In your research, you have focused on land-sharing policies in Phnom Penh, Cambodia. Why did land-sharing instruments emerge in urban land governance and where do you see them appearing in the rapidly urbanising cities in Asia?
Paul Rabé: Land sharing emerged as a “win-win-win solution” to the problem of land conflict between urban “slum” dwellers and landowners (whether public institutions or private landowners) in Bangkok in the 1970s. Since then, land sharing projects have materialized in dozens of cases in Thailand and Cambodia and selected other cities in Asia. The attraction of land sharing for local governments is their potential to deliver a conflict-free solution to land conflicts—and the peaceful removal of slums—whereas for landowners the technique offers the possibility of a managed resolution to long-standing conflicts that present an obstacle to land development. For “slum” dwellers, too, land sharing is attractive as it holds out the promise of secure tenure in new housing in roughly the same city-center locations. For all these reasons, land sharing has a lot of potential in rapidly growing and rapidly densifying cities in Asia, where local authorities face the challenge of enabling affordable housing in an environment of rapidly rising land values.
You wrote that land-sharing is a “innovative but insufficient instrument” for tenure security of the urban poor. What are the main findings of your research in Phnom Penh? Under what conditions can it produce a “win-win-win” outcome for the municipality, private actors and urban poor communities?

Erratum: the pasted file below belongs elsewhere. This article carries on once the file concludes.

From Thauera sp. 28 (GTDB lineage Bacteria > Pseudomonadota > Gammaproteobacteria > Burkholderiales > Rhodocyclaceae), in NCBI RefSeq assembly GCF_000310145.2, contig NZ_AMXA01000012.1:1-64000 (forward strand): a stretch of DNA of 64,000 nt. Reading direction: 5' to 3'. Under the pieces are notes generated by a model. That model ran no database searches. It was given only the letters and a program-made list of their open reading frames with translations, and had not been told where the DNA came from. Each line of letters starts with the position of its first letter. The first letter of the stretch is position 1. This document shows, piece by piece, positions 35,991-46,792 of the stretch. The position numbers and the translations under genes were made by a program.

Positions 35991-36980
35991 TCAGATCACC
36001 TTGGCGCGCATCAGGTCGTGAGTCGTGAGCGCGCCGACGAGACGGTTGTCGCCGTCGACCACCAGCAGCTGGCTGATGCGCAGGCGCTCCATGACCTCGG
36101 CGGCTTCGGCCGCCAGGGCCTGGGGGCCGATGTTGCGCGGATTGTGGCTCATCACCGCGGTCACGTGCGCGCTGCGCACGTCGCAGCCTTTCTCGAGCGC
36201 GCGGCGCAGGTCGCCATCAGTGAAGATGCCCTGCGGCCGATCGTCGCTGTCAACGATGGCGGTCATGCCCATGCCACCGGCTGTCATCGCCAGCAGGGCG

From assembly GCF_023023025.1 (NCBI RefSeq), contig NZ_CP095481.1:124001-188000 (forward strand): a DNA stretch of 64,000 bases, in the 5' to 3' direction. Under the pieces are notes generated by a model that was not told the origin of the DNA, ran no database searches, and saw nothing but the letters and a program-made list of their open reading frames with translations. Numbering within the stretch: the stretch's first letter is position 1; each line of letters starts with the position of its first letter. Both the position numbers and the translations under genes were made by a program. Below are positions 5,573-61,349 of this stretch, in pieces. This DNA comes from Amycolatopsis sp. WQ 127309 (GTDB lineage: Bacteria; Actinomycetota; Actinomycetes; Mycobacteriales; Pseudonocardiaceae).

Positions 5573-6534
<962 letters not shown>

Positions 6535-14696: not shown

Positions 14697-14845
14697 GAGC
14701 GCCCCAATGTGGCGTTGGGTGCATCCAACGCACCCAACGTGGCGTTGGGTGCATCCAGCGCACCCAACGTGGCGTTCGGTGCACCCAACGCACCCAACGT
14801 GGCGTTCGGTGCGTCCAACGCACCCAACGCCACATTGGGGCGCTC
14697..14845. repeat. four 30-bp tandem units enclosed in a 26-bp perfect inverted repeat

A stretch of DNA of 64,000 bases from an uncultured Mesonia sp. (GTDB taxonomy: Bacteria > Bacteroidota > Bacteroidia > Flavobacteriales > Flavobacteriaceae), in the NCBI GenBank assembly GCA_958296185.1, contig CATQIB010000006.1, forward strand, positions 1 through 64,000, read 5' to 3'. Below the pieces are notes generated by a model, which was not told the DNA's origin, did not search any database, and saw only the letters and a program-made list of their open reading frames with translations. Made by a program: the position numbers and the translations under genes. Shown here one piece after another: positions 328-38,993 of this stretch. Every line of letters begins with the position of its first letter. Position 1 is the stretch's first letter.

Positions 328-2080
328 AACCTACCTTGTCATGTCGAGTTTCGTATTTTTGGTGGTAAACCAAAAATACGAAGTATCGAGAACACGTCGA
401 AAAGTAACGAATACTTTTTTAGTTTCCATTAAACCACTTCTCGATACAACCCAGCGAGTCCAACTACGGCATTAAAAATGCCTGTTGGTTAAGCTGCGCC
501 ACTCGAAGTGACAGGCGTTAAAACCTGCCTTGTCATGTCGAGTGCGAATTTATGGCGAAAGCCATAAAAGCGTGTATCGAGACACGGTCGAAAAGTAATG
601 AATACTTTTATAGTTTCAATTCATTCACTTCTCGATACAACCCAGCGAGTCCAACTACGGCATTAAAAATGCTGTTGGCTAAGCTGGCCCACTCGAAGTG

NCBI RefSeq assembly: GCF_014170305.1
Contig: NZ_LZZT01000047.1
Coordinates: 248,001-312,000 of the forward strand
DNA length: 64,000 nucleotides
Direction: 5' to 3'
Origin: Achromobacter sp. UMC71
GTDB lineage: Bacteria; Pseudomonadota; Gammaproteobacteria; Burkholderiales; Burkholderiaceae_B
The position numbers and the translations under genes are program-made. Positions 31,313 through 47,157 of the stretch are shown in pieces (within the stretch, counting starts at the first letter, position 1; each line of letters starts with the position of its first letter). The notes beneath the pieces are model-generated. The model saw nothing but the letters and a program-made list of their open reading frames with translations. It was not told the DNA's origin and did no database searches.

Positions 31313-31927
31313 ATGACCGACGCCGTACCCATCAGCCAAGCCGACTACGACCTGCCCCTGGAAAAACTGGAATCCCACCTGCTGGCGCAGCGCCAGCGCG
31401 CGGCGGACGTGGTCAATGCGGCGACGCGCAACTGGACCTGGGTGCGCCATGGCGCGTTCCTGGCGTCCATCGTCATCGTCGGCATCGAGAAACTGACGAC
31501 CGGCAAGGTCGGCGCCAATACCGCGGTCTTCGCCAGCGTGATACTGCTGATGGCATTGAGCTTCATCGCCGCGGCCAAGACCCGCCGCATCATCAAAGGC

Paul Rabé: As I wrote, the Bangkok and Phnom Penh land sharing cases illustrate that the land sharing technique has several limitations. It can be a long, drawn-out process whose benefits may be out of proportion to the human resources and time resources invested in it, particularly in the case of small settlements. Moreover, the technique has so far been limited to public lands, as public authorities have felt more pressure than private landowners to seek compromise and invest resources (even if limited) on behalf of the poor. The Phnom Penh cases demonstrate that perhaps the most important limitation of land sharing is that, in an environment with still weak legal and institutional protection of the poor, the process is unlikely to lead to an agreement that benefits slum dwellers, particularly in the absence of active and impartial mediation between slum dwellers and developers. However, where genuine political will does exist to seek mutually beneficial development outcomes, and where there are impartial and active intermediaries who are willing to invest their time and resources in helping slum communities and landowners find a mutually acceptable solution, land sharing can be a potentially innovative and flexible slum redevelopment instrument in cities characterized by active land markets.
What were the challenges of implementing these schemes?
Paul Rabé: The main challenges in Phnom Penh to the successful implementation of land sharing cases during the first decade of the 21st century were mainly institutional, and specifically, the lack of impartial and active intermediaries to help negotiate a land sharing agreement. Without such intermediaries, slum communities ended up having to negotiate directly with land developers and government authorities (as landowners)—a task for which they were poorly equipped. Moreover, tensions within the communities (between community leaders, between leaders and other residents, and among residents—sometimes exacerbated by developer bribes) made their task all the more difficult.
In two weeks, ISOCARP is organizing its 55th World Planning Congress on megacities in Jakarta in Indonesia. How relevant are these insights to city managers and planners in the megacities of Southeast Asia today?